Defence lawyers for prosecuted whistleblower Bernard Collaery have told Australia’s highest court a push to keep a court judgment secret on national security grounds is unfounded.
The attorney-general’s department argues the release of the unredacted document would have grave implications for Australia’s national security.
Mr Collaery’s submission to the High Court, obtained by the Human Rights Law Centre, says the assertion is “without foundation”.
Mr Collaery’s submission also calls parts of the prosecution’s case to keep the ruling secret “erroneous”.
An initial push to not have the judgment published was refused by an ACT court.
The Commonwealth then sought leave to have the High Court hear the case, but the court is yet to decide whether it will deliberate on the matter.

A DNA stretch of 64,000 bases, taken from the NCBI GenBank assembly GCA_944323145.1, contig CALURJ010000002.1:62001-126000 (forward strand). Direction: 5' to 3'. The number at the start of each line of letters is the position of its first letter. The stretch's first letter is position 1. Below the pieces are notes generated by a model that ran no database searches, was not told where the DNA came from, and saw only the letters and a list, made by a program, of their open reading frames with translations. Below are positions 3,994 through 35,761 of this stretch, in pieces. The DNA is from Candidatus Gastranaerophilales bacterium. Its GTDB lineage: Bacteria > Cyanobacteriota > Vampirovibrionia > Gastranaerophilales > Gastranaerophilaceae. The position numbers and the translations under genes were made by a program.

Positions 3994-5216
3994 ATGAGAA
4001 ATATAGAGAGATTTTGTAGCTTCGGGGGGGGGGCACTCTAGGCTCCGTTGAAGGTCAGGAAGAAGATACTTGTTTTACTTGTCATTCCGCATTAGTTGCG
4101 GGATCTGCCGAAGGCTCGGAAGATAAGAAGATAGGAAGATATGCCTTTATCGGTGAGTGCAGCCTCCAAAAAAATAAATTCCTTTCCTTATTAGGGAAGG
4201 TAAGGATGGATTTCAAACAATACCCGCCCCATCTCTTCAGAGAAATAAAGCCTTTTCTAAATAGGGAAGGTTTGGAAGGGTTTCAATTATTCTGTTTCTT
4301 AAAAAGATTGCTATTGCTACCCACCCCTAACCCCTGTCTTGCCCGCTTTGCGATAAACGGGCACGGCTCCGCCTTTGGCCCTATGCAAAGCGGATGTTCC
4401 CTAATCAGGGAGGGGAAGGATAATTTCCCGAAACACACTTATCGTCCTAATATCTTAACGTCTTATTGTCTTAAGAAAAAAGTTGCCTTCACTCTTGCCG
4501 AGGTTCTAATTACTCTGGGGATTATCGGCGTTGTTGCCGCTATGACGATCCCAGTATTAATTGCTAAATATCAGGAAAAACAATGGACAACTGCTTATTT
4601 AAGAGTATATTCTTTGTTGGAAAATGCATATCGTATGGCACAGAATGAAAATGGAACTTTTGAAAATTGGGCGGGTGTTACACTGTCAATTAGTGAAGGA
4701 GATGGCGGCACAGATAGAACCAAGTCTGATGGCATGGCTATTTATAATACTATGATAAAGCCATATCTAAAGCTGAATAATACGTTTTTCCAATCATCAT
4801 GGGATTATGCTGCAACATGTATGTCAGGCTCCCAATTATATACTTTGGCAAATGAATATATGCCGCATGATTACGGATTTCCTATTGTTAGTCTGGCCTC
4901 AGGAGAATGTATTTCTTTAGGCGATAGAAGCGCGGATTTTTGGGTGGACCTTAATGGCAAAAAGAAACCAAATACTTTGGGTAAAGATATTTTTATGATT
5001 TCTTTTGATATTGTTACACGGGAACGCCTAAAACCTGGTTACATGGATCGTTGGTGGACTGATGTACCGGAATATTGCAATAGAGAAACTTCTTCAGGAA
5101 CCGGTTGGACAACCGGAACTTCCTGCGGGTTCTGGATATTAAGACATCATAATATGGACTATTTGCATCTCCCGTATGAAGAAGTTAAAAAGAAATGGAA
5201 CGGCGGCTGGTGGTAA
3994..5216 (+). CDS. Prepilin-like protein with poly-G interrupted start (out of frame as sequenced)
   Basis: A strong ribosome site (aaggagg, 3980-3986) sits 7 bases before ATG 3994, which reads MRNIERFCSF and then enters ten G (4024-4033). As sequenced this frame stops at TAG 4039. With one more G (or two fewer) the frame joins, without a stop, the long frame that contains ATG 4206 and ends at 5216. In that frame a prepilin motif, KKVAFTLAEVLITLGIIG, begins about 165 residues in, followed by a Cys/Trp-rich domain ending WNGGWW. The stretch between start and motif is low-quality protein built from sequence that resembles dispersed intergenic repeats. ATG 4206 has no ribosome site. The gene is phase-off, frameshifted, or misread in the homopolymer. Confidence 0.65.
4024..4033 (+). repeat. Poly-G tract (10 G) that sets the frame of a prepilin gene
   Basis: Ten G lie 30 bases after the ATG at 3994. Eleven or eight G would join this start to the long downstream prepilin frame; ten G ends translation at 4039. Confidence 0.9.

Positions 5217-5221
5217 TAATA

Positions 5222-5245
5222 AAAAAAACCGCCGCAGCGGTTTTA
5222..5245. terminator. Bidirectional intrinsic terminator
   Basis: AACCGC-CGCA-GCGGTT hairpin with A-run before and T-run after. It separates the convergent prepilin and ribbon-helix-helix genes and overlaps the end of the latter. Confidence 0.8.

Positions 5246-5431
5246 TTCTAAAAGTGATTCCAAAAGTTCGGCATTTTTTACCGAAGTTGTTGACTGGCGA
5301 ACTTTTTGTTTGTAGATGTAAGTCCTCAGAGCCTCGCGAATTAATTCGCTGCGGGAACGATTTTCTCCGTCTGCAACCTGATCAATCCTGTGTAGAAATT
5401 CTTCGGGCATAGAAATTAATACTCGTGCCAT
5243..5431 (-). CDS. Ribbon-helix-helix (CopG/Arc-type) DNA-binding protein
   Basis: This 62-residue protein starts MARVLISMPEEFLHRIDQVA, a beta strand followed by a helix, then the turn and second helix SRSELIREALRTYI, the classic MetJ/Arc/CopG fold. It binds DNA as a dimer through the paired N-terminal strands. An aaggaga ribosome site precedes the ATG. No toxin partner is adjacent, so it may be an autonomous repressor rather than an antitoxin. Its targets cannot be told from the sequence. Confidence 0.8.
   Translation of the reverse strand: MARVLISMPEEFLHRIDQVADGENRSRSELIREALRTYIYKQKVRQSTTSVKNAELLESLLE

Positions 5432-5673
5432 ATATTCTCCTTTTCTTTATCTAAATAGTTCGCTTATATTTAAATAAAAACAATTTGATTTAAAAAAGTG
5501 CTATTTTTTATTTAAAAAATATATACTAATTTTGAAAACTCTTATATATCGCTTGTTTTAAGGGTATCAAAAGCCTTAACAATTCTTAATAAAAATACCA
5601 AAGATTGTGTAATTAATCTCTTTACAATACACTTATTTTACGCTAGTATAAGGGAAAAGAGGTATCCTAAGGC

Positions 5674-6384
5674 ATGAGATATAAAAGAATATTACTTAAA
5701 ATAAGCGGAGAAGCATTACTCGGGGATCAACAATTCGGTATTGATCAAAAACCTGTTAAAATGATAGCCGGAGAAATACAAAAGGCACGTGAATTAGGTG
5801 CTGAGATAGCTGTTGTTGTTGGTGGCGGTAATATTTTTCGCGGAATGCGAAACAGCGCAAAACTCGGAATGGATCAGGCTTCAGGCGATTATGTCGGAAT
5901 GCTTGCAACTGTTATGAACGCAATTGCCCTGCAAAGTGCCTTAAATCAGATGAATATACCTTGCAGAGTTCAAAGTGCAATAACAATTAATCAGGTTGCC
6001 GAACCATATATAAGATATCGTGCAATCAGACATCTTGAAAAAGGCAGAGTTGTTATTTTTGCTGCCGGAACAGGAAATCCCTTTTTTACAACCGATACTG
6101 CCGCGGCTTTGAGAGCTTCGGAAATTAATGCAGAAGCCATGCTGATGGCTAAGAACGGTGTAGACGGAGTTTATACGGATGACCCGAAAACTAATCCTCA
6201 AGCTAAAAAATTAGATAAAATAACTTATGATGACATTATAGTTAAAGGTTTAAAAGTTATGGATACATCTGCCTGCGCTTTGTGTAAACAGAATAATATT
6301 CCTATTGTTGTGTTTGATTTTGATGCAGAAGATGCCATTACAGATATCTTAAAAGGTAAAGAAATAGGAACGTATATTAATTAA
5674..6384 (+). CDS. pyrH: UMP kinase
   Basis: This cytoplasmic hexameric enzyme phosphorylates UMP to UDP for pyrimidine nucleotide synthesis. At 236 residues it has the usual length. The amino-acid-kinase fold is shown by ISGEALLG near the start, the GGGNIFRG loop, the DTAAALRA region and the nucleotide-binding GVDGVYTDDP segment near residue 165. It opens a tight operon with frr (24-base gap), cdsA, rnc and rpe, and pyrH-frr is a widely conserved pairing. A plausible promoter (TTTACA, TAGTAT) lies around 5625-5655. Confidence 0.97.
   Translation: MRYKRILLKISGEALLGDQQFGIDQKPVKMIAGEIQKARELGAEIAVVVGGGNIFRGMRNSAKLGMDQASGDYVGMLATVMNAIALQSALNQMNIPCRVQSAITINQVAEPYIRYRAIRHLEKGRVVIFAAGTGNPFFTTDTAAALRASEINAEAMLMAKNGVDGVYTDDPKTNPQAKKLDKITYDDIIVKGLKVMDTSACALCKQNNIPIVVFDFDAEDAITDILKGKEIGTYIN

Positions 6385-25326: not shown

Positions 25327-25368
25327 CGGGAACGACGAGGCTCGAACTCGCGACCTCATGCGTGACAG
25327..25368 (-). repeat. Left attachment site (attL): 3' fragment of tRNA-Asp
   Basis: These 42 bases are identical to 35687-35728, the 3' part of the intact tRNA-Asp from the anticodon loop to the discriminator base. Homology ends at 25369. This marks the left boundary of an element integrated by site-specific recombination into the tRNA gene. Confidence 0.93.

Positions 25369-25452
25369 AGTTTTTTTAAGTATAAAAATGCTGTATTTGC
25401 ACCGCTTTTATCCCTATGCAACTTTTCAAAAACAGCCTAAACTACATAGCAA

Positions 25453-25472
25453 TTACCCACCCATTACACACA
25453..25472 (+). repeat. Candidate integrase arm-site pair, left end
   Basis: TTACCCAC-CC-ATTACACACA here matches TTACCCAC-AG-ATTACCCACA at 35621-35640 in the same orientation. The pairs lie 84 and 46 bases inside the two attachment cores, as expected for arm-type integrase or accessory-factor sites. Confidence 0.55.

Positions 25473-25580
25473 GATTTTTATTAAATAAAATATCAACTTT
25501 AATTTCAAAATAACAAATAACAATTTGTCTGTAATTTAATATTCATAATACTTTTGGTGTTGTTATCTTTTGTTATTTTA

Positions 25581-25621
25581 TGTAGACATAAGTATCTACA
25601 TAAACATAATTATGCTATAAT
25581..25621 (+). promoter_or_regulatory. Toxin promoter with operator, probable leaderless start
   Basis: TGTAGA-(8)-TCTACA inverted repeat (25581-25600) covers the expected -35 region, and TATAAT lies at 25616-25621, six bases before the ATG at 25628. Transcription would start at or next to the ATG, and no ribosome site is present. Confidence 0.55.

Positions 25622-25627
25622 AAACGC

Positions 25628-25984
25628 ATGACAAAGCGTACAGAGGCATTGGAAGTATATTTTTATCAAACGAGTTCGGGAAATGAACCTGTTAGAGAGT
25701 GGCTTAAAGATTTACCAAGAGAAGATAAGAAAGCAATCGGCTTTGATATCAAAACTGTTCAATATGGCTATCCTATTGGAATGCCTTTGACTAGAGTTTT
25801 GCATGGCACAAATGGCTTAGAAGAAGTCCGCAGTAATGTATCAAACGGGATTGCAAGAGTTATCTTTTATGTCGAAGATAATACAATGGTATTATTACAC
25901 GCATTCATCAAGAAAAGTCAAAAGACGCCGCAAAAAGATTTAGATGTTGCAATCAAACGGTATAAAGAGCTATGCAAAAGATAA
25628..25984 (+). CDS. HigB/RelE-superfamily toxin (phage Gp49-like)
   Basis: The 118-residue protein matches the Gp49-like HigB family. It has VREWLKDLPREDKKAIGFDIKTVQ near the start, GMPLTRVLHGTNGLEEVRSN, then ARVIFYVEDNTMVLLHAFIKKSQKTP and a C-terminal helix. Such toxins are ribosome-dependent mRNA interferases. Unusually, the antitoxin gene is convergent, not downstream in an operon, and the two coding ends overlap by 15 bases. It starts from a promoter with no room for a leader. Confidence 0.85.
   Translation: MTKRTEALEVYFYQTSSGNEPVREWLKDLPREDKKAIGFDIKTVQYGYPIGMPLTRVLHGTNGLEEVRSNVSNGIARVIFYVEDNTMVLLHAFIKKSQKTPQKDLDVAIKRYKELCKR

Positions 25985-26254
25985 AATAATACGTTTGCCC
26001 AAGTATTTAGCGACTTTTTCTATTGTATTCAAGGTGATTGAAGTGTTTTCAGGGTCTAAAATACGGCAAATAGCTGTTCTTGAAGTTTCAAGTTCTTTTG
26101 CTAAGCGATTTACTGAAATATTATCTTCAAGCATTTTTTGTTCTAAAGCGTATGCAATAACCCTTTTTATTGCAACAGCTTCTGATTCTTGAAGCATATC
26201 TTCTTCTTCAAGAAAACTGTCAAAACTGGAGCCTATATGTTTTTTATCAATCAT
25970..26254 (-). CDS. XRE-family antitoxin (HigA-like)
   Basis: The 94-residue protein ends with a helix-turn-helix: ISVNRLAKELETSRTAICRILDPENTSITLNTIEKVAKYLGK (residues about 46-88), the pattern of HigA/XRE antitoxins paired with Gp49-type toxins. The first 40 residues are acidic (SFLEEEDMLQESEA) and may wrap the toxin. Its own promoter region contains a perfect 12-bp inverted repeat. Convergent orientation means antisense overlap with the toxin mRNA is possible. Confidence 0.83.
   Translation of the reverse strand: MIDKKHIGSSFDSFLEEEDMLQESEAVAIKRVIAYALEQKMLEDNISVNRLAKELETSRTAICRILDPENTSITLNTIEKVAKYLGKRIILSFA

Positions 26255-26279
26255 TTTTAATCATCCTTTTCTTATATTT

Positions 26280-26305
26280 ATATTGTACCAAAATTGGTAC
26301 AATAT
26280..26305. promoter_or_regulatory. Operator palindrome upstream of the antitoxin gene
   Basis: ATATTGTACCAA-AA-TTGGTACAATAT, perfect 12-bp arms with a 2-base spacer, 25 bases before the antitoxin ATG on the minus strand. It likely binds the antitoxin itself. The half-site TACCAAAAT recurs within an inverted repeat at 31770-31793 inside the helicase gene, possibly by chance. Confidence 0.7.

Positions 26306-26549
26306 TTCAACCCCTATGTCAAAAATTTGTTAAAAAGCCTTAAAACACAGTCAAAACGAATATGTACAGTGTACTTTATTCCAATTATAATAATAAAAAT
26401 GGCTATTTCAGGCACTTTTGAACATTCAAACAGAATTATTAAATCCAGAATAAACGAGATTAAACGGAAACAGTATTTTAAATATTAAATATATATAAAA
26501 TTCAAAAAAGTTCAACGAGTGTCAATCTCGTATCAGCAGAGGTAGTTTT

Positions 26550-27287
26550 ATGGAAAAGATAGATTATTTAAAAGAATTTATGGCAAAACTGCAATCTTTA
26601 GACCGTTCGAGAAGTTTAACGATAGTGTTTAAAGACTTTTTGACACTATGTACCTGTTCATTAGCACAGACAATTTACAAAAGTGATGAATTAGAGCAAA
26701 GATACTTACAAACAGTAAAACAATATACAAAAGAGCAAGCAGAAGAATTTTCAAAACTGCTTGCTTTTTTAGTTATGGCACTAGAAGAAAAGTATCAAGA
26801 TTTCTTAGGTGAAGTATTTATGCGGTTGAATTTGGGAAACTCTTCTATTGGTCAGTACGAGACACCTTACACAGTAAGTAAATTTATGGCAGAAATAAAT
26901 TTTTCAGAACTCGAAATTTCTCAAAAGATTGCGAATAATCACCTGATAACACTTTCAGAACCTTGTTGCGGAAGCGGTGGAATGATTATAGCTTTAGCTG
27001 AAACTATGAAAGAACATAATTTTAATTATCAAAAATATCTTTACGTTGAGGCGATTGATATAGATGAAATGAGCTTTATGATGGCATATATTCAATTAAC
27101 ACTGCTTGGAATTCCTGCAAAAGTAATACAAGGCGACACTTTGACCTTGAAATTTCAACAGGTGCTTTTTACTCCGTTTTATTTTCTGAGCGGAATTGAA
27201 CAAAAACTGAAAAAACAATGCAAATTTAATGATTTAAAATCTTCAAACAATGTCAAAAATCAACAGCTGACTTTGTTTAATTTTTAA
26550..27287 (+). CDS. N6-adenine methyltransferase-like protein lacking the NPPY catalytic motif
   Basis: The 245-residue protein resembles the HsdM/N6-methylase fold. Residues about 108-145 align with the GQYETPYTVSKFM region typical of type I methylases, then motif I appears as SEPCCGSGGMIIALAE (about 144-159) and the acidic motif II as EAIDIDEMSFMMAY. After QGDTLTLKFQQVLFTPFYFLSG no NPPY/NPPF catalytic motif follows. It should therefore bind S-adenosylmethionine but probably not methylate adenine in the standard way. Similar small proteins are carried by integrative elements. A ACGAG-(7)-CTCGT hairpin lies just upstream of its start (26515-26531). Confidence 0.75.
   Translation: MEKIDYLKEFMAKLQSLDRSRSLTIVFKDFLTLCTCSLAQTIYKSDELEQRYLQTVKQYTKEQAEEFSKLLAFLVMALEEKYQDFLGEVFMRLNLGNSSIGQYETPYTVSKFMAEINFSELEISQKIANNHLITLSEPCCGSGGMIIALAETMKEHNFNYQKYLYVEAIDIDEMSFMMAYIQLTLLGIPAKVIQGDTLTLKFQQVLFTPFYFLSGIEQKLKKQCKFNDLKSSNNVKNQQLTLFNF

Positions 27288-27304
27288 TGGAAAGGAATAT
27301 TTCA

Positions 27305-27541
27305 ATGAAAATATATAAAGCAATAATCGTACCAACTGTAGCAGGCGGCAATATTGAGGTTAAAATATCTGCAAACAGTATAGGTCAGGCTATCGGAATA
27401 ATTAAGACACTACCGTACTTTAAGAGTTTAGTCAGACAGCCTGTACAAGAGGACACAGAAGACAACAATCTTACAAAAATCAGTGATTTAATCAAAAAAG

The judgment from ACT Chief Justice Helen Murrell which the Commonwealth is trying to stop being published in full derided the prosecution for seeking to have a trial conducted in secret.
HRLC senior lawyer Kieran Pender said the continued pursuit of secrecy in the case “is a damning indictment of the Morrison government’s priorities”.
“Rather than enacting long-overdue reform to whistleblowing laws, the government has gone to the High Court to keep parts of a court judgment that said no to a secret trial itself secret,” he said.
“This latest court battle in the Collaery saga is simply perverse. Whistleblowers should be protected, not punished – and not prosecuted in secret trials.”
Mr Collaery is accused of unlawfully sharing classified information about the alleged bugging operation of the East Timor prime minister by Australian officials in 2004.